Apr 01 2021

ICE Extends Interim COVID-19 Protections for Form I-9 Compliance Through May 31, Expands Accommodations for New Hires On or After April 1

United States

At a glance

  • Due to the ongoing COVID-19 emergency, U.S. Immigration and Customs Enforcement is extending its remote I-9 document inspection policy through May 31, 2021.
  • Eligible employers will continue to be permitted to review I-9 identity and employment authorization documents remotely until the interim policy expires or until three days after the COVID-19 emergency is over, whichever comes first. Employees onboarded remotely on or after April 1, 2021, must have their documents inspected in person once they begin working non-remotely on a “regular, consistent, or predictable basis.”

A closer look

U.S. Immigration and Customs Enforcement (ICE) has announced that it is extending until May 31, 2021 its relaxed enforcement of the normal requirement to physically inspect the original documents presented by new hires during the I-9 process and thus allow eligible employers to continue to implement remote I-9 verification in certain circumstances during the COVID-19 emergency.  ICE has also introduced a variation of the remote I-9 policy for employees who are hired on or after April 1, 2021 and are working remotely due to COVID-related precautions.

Employers who are eligible for and elect to use the remote I-9 policy will be able to inspect Section 2 documents remotely, by video, fax or email, and must retain copies of the documents. The ordinary timelines for I-9 completion remain in effect. Section 1 of the I-9 must be completed by the employee’s start date and Section 2 must be completed within three business days of the start date. Employers taking advantage of these relaxed procedures must provide written documentation of their remote onboarding and telework policy to each employee. 

Remote I-9 policies for employees hired on or after April 1, 2021

Employers may use remote Form I-9 procedures for employees who are (1) hired on or after April 1, 2021; and (2) are working fully remotely as a COVID-19 precaution, even if the employer has employees working non-remotely at the employer’s premises.  For these new hires, employers are no longer required to have all employees working remotely in order to use the remote I-9 accommodation – a departure from the agency’s pre-April 1, 2021 policy.  However, the employer is required to use standard I-9 procedures for new hires who are working non-remotely on a “regular, consistent, or predictable basis.”

If an eligible new hire completes the I-9 process remotely on or after April 1, the employer is not required to inspect the employee’s I-9 documentation in person until the earlier of (1) three days after the employee begin working non-remotely on a regular, consistent, or predictable basis; or (2) within three days after the COVID-19 emergency has ended or ICE has terminated the remote policy.  ICE reminds employers that they can begin physical inspection of affected employees’ documents earlier than this timeframe in the employer’s discretion.  Employers must ensure that they implement such an inspection practice in a consistent and non-discriminatory manner across the workforce.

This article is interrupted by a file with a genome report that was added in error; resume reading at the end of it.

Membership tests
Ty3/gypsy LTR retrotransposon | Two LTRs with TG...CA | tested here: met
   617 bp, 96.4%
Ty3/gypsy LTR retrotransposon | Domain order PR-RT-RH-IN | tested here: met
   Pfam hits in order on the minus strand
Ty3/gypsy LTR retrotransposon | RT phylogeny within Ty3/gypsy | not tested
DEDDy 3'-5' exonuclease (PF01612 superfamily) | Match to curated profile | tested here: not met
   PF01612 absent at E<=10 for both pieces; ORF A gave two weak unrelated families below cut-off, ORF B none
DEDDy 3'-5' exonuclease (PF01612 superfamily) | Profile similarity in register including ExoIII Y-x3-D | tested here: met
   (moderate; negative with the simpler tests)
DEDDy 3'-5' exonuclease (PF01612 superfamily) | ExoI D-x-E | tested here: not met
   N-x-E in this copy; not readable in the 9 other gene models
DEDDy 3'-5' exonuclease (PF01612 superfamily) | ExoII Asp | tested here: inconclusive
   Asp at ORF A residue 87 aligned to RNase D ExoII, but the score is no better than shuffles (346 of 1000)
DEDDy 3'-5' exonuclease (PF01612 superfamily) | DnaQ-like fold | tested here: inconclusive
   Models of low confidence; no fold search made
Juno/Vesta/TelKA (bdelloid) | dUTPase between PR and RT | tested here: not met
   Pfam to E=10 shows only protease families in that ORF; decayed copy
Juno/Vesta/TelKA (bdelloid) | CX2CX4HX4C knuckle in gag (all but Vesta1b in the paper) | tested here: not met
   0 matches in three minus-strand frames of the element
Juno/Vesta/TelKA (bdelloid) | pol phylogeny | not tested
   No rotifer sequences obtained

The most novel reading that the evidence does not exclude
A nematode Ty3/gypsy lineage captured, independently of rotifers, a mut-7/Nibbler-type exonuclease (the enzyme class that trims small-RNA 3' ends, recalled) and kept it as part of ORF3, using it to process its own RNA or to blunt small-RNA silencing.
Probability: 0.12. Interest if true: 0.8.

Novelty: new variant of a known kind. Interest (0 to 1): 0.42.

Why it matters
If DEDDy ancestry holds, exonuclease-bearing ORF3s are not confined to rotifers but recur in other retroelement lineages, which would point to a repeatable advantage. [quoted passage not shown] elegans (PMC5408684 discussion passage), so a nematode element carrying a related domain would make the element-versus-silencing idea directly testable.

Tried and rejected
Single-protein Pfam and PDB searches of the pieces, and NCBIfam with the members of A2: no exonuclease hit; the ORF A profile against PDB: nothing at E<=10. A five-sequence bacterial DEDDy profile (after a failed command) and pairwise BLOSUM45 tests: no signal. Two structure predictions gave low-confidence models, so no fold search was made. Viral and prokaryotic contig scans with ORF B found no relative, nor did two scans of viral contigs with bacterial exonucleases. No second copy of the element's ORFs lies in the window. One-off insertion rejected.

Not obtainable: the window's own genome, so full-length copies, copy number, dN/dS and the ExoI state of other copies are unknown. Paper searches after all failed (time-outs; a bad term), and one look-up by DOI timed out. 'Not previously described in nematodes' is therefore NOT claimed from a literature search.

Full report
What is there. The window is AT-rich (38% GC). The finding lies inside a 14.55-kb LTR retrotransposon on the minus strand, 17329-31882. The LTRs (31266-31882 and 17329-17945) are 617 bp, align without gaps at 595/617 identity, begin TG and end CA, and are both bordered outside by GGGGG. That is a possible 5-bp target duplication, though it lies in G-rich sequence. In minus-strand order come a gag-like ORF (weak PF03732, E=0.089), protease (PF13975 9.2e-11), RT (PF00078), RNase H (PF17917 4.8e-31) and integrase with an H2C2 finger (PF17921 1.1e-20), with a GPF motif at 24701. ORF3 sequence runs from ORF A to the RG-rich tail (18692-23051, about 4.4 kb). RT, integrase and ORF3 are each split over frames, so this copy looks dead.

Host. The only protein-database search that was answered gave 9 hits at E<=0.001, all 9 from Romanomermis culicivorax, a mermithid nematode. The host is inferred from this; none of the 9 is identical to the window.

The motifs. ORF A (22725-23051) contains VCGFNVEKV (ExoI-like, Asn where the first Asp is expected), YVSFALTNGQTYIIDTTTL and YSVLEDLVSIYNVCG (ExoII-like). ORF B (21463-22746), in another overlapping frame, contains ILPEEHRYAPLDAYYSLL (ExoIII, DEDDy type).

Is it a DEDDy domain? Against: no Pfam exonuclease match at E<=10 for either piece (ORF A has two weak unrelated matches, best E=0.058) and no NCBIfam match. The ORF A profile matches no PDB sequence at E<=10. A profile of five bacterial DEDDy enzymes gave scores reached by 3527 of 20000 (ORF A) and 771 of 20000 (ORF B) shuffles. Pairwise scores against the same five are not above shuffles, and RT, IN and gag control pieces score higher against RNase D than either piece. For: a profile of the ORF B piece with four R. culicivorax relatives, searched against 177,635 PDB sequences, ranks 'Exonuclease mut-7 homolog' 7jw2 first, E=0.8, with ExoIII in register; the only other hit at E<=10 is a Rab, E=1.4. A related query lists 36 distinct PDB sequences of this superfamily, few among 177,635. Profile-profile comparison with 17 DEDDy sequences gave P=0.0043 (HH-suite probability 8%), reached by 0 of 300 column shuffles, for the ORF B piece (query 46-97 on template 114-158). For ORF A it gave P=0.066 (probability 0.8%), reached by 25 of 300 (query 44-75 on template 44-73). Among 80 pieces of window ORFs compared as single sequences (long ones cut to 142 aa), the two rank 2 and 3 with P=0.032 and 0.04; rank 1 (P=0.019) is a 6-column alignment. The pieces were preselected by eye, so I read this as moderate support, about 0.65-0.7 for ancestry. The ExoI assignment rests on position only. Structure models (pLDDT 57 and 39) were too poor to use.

The pre-April 1 interim policy and its limits

For employees onboarded between March 20, 2020 and March 31, 2021, employers were permitted to use the interim I-9 accommodations for employees working remotely due to COVID-19, but only if the workplace was operating entirely remotely, with no employees physically reporting to the work location.  Once normal operations resume, employers who adopted this practice must be prepared to inspect the documents of affected employees within three days.  As noted above, employers can begin physical inspection of documents of affected employees earlier than this timeframe in the employer’s discretion.  Such an inspection practice must be implemented in a consistent and non-discriminatory manner across the workforce. 

Considerations for employers

Employers may continue to follow standard Form I-9 procedures, including the use of third-party agents to complete verification on the employer’s behalf. Employers who are weighing whether to adopt or continue remote I-9 procedures should consider the following:

  • The remote I-9 accommodation can be cumbersome.  Employers may prefer to use or resume using standard I-9 procedures for their new hires and reverifications, which include using offsite third-party agents to inspect employee documents and complete Form I-9 on the employer’s behalf.
  • Employers who use the remote I-9 accommodation will be required to physically inspect the documents of affected employees no later than three days after normal operations resume.  This means employers may have a very limited window in which to inspect the documents of large numbers of employees.
  • If your organization used or uses remote I-9 procedures, consider beginning physical inspection of the documents of affected employees earlier than the deadlines prescribed by ICE.  If your organization adopts this practice, it must be implemented consistently and in a non-discriminatory manner.
  • Though the remote I-9 policy and its expansion give employers some welcome flexibility during the COVID-19 emergency, employers must be aware that it is not clear how ICE will enforce the remote policy.  Among other issues, the agency has not defined “fully remote work” or “regular, consistent, or predictable” non-remote work.  Therefore, employers using remote I-9 procedures must weigh the risks against the administrative convenience and the possibility of fines and other penalties in the event of an I-9 inspection.

 

This alert is for informational purposes only. If you have any questions, please contact the immigration professional with whom you work at Fragomen or the firm’s Government Strategies and Compliance Group.